Tag Archives: MIT

Using cell phones to change the world

Jhonatan Rotberg, was sent to MIT by Telmex, one of Latin America’s largest telcos, and teaches NextLab where he tries to bring cellular technology to the other 90 percent of the world. One of the labs startups, CelEdu, offers cellphone-based games and quizzes to teach basic literacy skills in India. Ranjani Saigal from the TIE Social Entrepreneurs Group helped connect CelEdu students to Tara Aakshar. You can see some of their work in progress at the CelEdu site


A great article in the Boston Globe highlights the many ideas that have spun out of this lab. Some excerpts below – click here for the entire article.

In NextLab, Rotberg challenged students by asking, “Can you make a cellphone change the world?’’ And students have responded, creating nearly two dozen projects and three start-up ventures that have been working with communities in developing countries like India, Vietnam, and Mexico.

Dinube, a NextLab spinoff that was tested in Mexico last summer, provides payment services to people who don’t have access to traditional banks. “One of the powerful things about cellphones in Mexico is that there is a 75 percent penetration rate,’’ said Jonathan Hayes, a cofounder of Dinube. “But only 25 percent of the population has a bank account. So a cellphone-based system can fill a huge, important gap.’’

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ForSE 2009: Forum for Social Entrepreneurs on Oct 23 at Babson College

Once again we are holding our annual conference on Social Entrepreneurship – ForSE 2009: Forum for Social Entrepreneurs on Friday October 23. This time we are working together with Babson College’s Net Impact Undergrad organization to host it at Olin Hall on Babson College’s lovely Wellesley campus.

We also have a number of interesting panels and speakers and, for the first time, a Pitch contest that will allow emerging social entrepreneurs to wow a panel of seasoned judges.

The forum brings together social innovators, leading business professionals, investors, donors, academics, and students to help share new technology and business ideas that have significant social impact.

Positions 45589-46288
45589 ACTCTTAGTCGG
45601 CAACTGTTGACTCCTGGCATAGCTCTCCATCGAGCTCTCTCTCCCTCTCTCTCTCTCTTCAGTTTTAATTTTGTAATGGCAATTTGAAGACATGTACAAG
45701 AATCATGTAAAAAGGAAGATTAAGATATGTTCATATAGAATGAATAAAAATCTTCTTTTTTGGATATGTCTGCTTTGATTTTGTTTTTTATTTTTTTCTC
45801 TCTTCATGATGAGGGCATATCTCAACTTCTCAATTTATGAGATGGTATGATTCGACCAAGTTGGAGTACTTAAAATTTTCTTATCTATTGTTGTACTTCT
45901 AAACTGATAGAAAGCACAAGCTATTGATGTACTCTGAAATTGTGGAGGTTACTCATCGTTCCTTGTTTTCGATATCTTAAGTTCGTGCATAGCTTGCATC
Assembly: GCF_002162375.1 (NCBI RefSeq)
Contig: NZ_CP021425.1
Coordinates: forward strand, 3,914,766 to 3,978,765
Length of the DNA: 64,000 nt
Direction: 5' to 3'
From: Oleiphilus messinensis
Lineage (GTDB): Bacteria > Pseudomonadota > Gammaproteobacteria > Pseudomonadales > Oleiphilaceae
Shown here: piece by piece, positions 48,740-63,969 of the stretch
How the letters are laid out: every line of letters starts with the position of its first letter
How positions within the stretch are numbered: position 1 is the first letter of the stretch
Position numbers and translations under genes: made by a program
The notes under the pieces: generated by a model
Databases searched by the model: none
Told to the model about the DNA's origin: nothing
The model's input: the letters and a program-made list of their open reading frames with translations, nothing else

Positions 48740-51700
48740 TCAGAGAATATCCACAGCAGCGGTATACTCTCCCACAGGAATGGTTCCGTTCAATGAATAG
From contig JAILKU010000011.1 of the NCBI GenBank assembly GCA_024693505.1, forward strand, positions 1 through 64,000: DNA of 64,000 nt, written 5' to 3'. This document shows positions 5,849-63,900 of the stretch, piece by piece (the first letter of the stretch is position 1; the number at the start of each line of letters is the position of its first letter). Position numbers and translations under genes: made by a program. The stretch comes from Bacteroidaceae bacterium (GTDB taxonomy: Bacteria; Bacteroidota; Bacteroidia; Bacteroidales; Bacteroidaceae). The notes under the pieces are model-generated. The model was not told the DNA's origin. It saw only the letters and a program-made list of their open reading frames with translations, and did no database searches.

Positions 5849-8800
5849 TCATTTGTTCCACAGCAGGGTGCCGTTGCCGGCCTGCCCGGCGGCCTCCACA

If you are interested in meeting emerging social entrepreneurs, hearing of innovative ideas for social impact and supporting young innovators as they launch their concepts, this is the event to attend. If you are an aspiring social entrepreneur, this is your chance to pitch your idea at the pitch contest and to wow a panel of seasoned judges.

This years keynoters will include Pamela Hawley who was a co-founder of Volunteer Match, one of the earliest online volunteer matching sites, and who later founded and currently runs UniveralGiving.org, an online site that channels donations and volunteer hours to non-profits around the world; Leonard Schlesinger, President of Babson College, one of the leaders in entrepreneurship; Andre Porter, Executive Director of Massachusetts’ Office of Small Business and Entrepreneurship; and Carol Cone, Founder and Chairperson of Cone LLC, an innovator in Cause Branding and CSR programs for corporations.

We have tried to keep ForSE very affordable for our attendees, many of whom are students or starting non-profits and social entrepreneurs. The registration fee for attendees is nominal ($20 for students /$35 for affiliates of BU and TIE /$/75 for all others) for a full day conference including meals. However these discounted fees will only be available only until October 19th.

I urge you to sign up as soon as possible as the past two years we sold out days before the event and many were disappointed. We try to make the event as interactive and intimate as possible and keep total attendance capped to 250. If you are interested in attending I would encourage you to register soon. The fees will go up substantially after October 19th.

Click here for more info and to register.

7 Rules of Low Cost Design

I came across this article that summarizes Amy Smith’s philosophy of design for low cost solutions

Here are her 7 key points. You can read the entire article on Popular Mechanics.

  1. Try living for a week on $2 a day.
  2. Listen to the right people.
  3. Do the hard work needed to find a simple solution.
  4. Create “transparent” technologies
  5. Make it inexpensive.
  6. If you want to make something 10 times cheaper, remove 90 percent of the material
  7. Provide skills, not just finished technologies.

Some of Amy’s inventions and designs are also described with diagrams in another article Small, Low-Tech Inventions for Big, World-Changing Problems on their website. Amy is an editorial advisor for Popular Mechanics.

International Development Design Summit

Yesterday I attended the final presentation of the International Development Design Summit at MIT – the brainchild of Amy Smith, MacArthur Fellow and lecturer in MIT’s Mechanical Engineering department. This, now yearly, event brought together nearly 60 students from 20 countries around the world to work together with a team of mentors and staff to tackle a number of design problems facing NGOs and non-profits in developing countries. Continue reading

Tapan Parikh – Technology Review’s Humanitarian of the Year 2007

I had the pleasure of meeting Tapan Parikh a few weeks ago when he presented on a panel at a conference to celebrate the Golden Jubilee of my alma mater, IIT Bombay. The panel focused on the latest trends in technology with the rest of the panelists discussing emerging areas in nanotechnology, biomedicine and energy. Tapan provided a refreshingly different viewpoint that emphasized the needs of the end user in developing countries. By harnessing technology to make things simpler, Tapan has provided platforms that make the daily grind of field workers in rural parts of the world a lot easier. Continue reading